Depending on the results, your GP may refer you to a gastroenterologist. He or she may advise you to have more tests, which can include the following.

    • Faecal calprotectin. This test allows your gastroenterologist to rule out other conditions, such as irritable bowel syndrome. You will be asked to provide a sample of faeces, which can be sent to the laboratory for testing.
    • Colonoscopy. This allows your gastroenterologist to look at the lining of your entire large bowel using a narrow, flexible, tube-like camera called a colonoscope. The colonoscope is carefully passed through your anus and rectum. Your gastroenterologist will then check for any ulcers or inflammation present on the inside of your bowel.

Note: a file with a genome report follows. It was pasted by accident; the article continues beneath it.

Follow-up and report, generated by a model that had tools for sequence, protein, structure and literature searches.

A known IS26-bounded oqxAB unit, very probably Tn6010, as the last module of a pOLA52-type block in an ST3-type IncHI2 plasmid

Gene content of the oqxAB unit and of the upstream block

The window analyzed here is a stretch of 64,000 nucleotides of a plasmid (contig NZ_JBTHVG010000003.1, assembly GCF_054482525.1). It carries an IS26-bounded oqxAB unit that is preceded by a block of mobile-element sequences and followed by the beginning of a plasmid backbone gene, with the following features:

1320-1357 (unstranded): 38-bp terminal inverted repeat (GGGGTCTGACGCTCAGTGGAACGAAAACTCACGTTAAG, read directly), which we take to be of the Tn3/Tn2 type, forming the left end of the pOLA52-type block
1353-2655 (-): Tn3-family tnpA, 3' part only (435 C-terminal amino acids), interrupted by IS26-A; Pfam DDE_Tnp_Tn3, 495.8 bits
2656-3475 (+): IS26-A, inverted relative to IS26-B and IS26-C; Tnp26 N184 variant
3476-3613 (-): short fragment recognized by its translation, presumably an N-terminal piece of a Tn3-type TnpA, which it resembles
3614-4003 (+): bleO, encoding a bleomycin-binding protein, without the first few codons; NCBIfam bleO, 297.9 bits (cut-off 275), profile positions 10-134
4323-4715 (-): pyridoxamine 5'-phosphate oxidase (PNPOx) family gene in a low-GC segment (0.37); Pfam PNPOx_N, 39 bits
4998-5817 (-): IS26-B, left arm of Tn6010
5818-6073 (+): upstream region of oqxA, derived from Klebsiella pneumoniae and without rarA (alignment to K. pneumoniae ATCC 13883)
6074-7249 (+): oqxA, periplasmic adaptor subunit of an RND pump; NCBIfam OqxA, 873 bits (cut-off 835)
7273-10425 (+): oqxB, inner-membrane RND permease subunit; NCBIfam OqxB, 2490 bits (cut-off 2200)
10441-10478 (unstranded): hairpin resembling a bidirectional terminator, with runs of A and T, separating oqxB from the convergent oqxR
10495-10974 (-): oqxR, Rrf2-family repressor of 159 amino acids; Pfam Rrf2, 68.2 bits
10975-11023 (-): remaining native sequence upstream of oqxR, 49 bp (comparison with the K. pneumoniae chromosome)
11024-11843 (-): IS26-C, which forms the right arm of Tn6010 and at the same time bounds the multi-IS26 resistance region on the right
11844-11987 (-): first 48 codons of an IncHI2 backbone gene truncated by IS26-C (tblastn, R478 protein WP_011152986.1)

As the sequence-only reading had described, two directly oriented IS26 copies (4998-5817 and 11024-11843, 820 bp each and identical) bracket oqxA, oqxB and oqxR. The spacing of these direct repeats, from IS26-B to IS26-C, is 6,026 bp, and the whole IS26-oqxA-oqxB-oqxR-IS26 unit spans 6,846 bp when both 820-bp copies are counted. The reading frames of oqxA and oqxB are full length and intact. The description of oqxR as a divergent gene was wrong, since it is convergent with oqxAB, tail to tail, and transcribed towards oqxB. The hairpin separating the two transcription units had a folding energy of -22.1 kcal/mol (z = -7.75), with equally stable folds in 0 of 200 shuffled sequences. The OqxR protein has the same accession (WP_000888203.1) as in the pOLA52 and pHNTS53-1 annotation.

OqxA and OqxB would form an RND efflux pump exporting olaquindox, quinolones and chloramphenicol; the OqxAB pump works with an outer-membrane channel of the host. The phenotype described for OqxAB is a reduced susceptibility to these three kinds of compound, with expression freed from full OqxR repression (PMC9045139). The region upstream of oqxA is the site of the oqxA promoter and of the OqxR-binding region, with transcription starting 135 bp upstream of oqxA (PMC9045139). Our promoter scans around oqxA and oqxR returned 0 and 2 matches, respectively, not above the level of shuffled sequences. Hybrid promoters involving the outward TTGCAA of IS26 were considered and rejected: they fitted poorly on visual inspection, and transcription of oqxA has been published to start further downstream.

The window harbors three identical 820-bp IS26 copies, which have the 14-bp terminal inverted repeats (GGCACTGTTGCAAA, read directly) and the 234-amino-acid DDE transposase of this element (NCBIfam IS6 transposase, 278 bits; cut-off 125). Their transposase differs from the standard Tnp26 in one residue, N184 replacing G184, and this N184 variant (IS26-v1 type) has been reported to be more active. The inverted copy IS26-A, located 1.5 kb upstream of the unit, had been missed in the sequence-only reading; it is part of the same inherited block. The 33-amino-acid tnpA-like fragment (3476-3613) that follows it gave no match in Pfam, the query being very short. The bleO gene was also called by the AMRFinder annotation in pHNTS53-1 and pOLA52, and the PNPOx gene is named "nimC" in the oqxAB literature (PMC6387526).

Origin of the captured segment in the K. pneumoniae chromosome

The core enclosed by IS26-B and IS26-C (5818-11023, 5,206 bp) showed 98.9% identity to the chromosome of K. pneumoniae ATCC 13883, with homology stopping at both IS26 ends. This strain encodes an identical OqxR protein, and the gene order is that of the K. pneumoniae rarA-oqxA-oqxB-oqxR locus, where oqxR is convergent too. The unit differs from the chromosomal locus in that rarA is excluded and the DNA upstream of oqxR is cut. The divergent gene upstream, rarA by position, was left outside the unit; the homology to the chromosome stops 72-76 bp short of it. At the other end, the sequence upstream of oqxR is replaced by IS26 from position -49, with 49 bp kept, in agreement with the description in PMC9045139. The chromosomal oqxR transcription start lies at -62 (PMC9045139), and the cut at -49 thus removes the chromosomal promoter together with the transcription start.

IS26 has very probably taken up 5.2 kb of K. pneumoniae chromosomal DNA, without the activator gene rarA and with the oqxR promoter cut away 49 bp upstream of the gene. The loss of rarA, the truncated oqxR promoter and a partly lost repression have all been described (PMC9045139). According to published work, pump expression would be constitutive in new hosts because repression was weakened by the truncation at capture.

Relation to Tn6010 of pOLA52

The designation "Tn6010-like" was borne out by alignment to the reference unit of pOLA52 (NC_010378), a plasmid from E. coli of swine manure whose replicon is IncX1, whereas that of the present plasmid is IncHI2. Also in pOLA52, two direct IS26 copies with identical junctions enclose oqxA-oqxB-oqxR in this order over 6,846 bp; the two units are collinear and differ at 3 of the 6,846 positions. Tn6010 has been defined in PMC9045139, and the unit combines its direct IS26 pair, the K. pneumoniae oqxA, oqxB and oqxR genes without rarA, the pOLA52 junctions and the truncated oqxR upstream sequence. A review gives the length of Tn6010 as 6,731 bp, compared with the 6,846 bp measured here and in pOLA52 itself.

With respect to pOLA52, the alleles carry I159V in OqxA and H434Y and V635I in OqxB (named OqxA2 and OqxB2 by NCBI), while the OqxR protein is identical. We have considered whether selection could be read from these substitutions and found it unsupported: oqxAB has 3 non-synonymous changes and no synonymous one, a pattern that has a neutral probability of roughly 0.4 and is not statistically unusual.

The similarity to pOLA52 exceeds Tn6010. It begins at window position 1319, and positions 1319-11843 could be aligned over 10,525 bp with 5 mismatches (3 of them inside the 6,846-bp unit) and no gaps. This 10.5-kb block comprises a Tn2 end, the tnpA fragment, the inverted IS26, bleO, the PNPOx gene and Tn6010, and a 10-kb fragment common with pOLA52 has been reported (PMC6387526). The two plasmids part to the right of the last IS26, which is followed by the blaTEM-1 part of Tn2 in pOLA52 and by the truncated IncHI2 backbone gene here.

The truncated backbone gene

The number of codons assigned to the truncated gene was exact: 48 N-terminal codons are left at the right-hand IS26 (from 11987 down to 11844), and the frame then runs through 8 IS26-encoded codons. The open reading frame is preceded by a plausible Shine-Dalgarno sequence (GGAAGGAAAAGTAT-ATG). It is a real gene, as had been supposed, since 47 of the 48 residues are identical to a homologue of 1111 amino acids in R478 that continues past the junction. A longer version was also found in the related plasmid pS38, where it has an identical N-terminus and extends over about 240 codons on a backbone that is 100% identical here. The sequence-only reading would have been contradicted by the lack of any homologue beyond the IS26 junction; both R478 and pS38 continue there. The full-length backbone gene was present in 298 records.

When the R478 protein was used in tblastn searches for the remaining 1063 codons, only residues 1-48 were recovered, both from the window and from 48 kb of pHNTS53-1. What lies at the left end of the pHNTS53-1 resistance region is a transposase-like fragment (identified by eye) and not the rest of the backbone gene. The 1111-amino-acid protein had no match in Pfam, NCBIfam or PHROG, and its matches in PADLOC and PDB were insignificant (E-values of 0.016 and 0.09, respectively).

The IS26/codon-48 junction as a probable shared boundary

• Flexible sigmoidoscopy. This allows your gastroenterologist to look inside your rectum and the lower part of your bowel using a sigmoidoscope. This is a tube-like camera similar to a colonoscope but shorter.
    • Biopsy. A biopsy is a small sample of tissue. Your gastroenterologist may take a small sample of the tissue from inside your bowel during a colonoscopy or sigmoidoscopy. This will be sent to a laboratory for testing.
    • Barium enema X-ray. This test helps to show how much of your large bowel is affected by the condition. It involves placing a fluid containing barium (a substance that shows up on X-rays) into your bowel via your rectum. Your gastroenterologist can then view X-ray images of your bowel.
  • Treatment Treatment of ulcerative colitis